Mr Ferreira also revealed a small oven in the bathroom of her bedroom suite appeared to indicate she took refuge in confined areas of the house for long periods of time.

The murder victim had called cops to the house hours before she was attacked and told them her son had assaulted her and she feared for her life.

But the court heard how the officers left after she said she did no want to go to hospital because she was worried Louis would burn their house down.

A neighbour called cops after going to the villa later the same day to check on the pair and seeing Christine’s body laying on the ground under the porch a few feet from the spot where her son was smoking and drinking water.

Yates’ treatment in Portugal for long-term mental health problems is understood to have been interrupted when his Portimao Hospital doctor moved to another centre.

The killer told the court his behaviour changed after he took drugs and he had consumed what he believed to be cannabis the day of the murder.

He said he was “instructed by the CIA to hit his mum as hard as he could.”

Robert Geary, a British solicitor who handled the arrangements for Mrs Yates’ estate, told the court she left an inheritance worth £2.6m which included the Delaware firm that owned the Algarve villa.

FATHER OF FRIGHTENED OF SON

Louis’ father Roger, 70, also said he would feel more comfortable if his son was removed from court while he answered questions before saying: “His presence frightens me. I’m intimidated.”

The retired Brit, who split from his wife in 2001 and divorced her around seven years later, said his youngest child had head-butted him while he lived with him in the UK following a previous violent incident in Portugal.

He told the court his son’s problems began when he was around 18 and caused by a combination of “excessive alcohol and powerful skunk cannabis” but he had a “loving relationship” with his mum when he was free of drugs.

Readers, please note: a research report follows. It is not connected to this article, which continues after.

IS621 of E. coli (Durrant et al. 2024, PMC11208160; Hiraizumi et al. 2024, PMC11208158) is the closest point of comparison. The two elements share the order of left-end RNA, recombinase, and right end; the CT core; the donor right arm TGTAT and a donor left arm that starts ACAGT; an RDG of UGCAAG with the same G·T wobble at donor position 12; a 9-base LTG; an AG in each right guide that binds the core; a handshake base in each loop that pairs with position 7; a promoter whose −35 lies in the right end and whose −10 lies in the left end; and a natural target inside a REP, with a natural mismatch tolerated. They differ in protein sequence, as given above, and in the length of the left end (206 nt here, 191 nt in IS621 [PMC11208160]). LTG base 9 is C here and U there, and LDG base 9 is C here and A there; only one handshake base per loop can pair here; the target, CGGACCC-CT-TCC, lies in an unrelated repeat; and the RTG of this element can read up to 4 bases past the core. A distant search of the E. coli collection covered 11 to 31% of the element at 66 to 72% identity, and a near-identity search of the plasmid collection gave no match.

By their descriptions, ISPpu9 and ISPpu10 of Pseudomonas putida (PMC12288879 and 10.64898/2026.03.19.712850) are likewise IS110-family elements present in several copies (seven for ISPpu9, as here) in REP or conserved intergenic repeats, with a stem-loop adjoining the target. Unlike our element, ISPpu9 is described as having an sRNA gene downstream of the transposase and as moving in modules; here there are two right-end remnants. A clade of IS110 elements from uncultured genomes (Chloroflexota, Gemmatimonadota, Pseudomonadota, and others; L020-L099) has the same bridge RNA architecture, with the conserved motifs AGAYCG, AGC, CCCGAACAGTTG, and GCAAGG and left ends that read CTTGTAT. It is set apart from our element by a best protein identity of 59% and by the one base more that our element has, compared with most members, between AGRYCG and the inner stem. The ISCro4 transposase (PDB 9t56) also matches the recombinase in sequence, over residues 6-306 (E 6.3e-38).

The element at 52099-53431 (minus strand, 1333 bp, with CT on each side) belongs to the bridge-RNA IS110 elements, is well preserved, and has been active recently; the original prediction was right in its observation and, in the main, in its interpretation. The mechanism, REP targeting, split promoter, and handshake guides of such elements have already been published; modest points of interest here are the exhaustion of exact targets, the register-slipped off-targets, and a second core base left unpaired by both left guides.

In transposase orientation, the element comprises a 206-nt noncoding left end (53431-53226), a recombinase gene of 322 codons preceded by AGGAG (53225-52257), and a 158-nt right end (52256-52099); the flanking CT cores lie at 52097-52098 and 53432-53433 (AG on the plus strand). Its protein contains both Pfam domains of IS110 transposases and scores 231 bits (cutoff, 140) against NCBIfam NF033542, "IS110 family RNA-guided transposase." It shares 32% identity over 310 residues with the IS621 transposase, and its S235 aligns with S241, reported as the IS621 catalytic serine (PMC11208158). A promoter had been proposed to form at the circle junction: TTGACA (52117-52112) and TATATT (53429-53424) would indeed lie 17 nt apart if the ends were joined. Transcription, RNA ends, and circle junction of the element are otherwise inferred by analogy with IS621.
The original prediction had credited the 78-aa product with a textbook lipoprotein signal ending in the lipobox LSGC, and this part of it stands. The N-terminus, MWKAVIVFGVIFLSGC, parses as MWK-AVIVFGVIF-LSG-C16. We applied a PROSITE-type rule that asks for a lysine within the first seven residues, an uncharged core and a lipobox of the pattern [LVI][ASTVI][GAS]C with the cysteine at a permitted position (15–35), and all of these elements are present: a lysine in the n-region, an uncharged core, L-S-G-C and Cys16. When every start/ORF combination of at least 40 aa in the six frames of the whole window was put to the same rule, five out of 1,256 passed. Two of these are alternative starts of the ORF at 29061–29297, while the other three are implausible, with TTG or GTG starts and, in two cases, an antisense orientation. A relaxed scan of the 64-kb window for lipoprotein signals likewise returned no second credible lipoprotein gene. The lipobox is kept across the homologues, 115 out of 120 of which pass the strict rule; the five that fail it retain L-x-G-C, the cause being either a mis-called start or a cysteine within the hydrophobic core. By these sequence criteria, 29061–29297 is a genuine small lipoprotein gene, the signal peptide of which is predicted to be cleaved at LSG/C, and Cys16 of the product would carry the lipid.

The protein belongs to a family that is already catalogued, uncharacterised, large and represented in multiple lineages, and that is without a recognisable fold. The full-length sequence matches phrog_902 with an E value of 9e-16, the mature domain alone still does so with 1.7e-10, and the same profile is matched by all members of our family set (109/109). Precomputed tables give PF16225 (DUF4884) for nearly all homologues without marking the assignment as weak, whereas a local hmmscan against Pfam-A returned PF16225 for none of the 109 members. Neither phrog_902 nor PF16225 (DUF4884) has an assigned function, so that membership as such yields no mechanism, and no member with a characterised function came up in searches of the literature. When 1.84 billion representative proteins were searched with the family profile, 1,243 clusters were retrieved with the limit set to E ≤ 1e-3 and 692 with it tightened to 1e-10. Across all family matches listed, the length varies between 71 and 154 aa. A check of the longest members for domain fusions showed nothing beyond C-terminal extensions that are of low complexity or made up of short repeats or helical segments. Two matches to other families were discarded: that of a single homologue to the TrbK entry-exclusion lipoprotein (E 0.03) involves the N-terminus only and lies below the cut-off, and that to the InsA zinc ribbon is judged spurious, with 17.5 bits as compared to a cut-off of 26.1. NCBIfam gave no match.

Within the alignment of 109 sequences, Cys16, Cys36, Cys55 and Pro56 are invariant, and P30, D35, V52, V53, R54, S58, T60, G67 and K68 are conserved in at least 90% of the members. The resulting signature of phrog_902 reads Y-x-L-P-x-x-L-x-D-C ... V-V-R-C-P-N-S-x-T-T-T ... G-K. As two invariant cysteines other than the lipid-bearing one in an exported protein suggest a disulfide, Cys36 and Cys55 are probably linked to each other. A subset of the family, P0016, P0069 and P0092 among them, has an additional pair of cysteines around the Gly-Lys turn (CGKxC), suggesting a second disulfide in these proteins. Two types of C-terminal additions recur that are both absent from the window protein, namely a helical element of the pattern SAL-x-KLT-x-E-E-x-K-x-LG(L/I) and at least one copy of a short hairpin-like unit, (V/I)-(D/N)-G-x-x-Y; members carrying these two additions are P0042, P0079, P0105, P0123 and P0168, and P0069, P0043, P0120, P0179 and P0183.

Roger also revealed he had been sectioned at least six times in Portugal since his late teens.

He revealed he had spent a year and a half living with his ex-wife and youngest son at the murder villa until June of last year after his relationship with Christine improved.

Roger said: “I left because Louis began to get aggressive with me and started to have psychosis and paranoia that I was trying to do something bad to him.

“Christine advised me to leave. She thought it wasn’t safe for me to stay in the house but I left on good terms.

“Before I went I had started to lock the bedroom door at night and block it, barricade it just in case.”

Describing his son as someone who was incapable of handling his own life and finances, he added: “Louis went to live for a few weeks on his own in Portimao.

“He had inherited some money from his grandmother and had savings of about £16,000.

“After eight weeks he called and said ‘Dad, my bank card is not working’ and we discovered he had spent the 16,000.

“He bought a powerful motorbike and spent around 8,000 euros on clothes and a few weeks later he sold the bike for just 1,000 euros.”

Yates’ brother and dad left court without comment.

Despite the murder confession, the court case will continue on June 5.

The three judges will then retire to consider the defendant’s fate and are expected to confirm he should continue at a high-security prison hospital in Lisbon after declaring he is not criminally responsible for his actions.